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Investigating the effects of social influence on the choice to telework


  • Darren M Scott
  • Ivy Dam
  • Antonio Páez
  • Robert D Wilton


Abstract. This paper contributes to the telework literature by investigating empirically the impact of social influence on the decision to telework. An innovative web-based telework survey was developed and used to obtain data from a sample of employees of a large postsecondary institution in Ontario, Canada, between January and March 2009. A unique feature of the survey instrument is that it allowed employees to easily construct their workplace social networks. Using a univariate (binary) probit model, we identify three mutually exclusive sources of social influence on the decision to telework: friends who telework, neighbors who telework, and colleagues at the workplace. With respect to colleagues, we find that the net impact of social influence is governed by both the composition and the size of an employee’s workplace social network. Composition is captured by interacting telework status with relationship strength. Keywords: social influence, social network, telecommute, telework, university, web-based survey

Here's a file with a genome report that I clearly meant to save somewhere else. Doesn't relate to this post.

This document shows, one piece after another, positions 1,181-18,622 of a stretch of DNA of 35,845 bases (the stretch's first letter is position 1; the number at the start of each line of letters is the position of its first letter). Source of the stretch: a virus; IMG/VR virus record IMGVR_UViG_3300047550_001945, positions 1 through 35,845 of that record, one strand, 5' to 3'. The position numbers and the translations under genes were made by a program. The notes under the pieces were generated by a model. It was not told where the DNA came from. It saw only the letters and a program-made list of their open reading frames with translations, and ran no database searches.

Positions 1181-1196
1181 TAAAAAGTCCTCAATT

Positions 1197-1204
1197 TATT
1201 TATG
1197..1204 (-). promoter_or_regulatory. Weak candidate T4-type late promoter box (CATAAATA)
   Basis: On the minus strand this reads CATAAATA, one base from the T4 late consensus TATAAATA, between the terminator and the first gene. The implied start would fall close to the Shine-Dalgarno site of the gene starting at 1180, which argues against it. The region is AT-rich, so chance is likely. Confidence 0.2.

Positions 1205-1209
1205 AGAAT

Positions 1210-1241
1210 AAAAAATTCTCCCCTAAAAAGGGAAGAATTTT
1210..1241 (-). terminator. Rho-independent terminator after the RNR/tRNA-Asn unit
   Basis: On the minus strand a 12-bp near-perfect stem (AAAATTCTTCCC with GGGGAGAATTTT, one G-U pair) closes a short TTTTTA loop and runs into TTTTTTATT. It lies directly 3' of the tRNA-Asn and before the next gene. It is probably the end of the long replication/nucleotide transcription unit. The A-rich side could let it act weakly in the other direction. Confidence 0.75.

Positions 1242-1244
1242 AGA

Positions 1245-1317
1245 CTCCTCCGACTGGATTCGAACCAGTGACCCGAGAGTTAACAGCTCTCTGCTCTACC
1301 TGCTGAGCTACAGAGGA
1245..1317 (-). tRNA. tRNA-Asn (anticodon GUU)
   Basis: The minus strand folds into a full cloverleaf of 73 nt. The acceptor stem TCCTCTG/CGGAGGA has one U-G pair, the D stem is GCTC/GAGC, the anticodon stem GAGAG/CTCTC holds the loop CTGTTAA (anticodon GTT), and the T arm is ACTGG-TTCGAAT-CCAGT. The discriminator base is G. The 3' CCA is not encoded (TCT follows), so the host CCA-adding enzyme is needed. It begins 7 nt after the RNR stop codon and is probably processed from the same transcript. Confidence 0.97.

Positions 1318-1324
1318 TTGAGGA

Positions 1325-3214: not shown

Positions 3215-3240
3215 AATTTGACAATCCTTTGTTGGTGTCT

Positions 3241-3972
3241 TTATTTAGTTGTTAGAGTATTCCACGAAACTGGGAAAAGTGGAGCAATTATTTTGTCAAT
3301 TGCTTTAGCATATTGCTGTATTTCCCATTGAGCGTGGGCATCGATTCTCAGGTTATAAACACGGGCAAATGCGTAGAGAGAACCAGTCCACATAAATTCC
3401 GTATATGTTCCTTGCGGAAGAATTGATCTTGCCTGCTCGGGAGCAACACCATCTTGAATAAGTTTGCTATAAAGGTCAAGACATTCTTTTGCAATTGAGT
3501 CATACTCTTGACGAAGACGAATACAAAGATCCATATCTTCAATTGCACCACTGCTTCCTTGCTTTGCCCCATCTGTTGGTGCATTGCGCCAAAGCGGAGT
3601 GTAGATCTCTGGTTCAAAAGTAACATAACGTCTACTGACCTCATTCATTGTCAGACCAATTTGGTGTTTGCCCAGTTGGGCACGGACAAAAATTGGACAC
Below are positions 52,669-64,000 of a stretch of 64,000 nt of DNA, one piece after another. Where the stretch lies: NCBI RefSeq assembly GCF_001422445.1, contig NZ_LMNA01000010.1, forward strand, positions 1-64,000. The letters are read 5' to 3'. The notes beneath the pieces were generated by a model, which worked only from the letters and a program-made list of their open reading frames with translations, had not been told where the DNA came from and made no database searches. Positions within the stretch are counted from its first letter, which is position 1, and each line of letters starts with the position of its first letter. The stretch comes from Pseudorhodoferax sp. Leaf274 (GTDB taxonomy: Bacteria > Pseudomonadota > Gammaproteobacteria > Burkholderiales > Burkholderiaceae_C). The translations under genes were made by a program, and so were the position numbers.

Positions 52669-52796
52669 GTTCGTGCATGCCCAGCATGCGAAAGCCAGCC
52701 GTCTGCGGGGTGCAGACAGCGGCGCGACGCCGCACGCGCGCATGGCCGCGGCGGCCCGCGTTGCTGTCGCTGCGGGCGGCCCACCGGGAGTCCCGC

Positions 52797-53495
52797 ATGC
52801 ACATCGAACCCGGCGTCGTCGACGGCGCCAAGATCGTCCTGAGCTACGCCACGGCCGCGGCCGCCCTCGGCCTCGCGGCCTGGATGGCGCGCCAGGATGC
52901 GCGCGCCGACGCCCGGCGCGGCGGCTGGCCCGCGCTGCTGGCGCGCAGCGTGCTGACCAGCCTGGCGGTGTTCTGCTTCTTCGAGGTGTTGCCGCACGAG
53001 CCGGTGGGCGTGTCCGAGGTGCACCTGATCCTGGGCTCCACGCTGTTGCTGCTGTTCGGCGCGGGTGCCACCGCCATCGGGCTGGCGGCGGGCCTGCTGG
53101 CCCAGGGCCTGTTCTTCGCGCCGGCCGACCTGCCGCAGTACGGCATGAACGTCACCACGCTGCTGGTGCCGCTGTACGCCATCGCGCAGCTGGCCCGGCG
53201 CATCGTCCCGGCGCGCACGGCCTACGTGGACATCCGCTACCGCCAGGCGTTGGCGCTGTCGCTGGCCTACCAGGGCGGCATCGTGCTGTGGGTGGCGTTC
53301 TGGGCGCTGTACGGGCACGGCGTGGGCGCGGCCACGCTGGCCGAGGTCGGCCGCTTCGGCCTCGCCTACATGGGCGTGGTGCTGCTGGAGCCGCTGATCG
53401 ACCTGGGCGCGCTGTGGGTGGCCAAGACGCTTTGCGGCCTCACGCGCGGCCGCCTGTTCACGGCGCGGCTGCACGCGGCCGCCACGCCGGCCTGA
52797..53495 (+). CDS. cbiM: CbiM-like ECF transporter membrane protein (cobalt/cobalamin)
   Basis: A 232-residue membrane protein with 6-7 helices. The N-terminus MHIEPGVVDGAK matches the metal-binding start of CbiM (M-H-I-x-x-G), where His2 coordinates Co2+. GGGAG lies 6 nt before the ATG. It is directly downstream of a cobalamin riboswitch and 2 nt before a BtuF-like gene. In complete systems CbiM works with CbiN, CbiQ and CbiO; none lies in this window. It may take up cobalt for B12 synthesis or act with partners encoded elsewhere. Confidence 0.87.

Suggested Citation

  • Darren M Scott & Ivy Dam & Antonio Páez & Robert D Wilton, 2012. "Investigating the effects of social influence on the choice to telework," Environment and Planning A, Pion Ltd, London, vol. 44(5), pages 1016-1031, May.
  • Handle: RePEc:pio:envira:v:44:y:2012:i:5:p:1016-1031

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    Cited by:

    1. Sharmeen, Fariya & Arentze, Theo & Timmermans, Harry, 2014. "An analysis of the dynamics of activity and travel needs in response to social network evolution and life-cycle events: A structural equation model," Transportation Research Part A: Policy and Practice, Elsevier, vol. 59(C), pages 159-171.
    2. Frank Goetzke & Regine Gerike & Antonio Páez & Elenna Dugundji, 2015. "Social interactions in transportation: analyzing groups and spatial networks," Transportation, Springer, vol. 42(5), pages 723-731, September.

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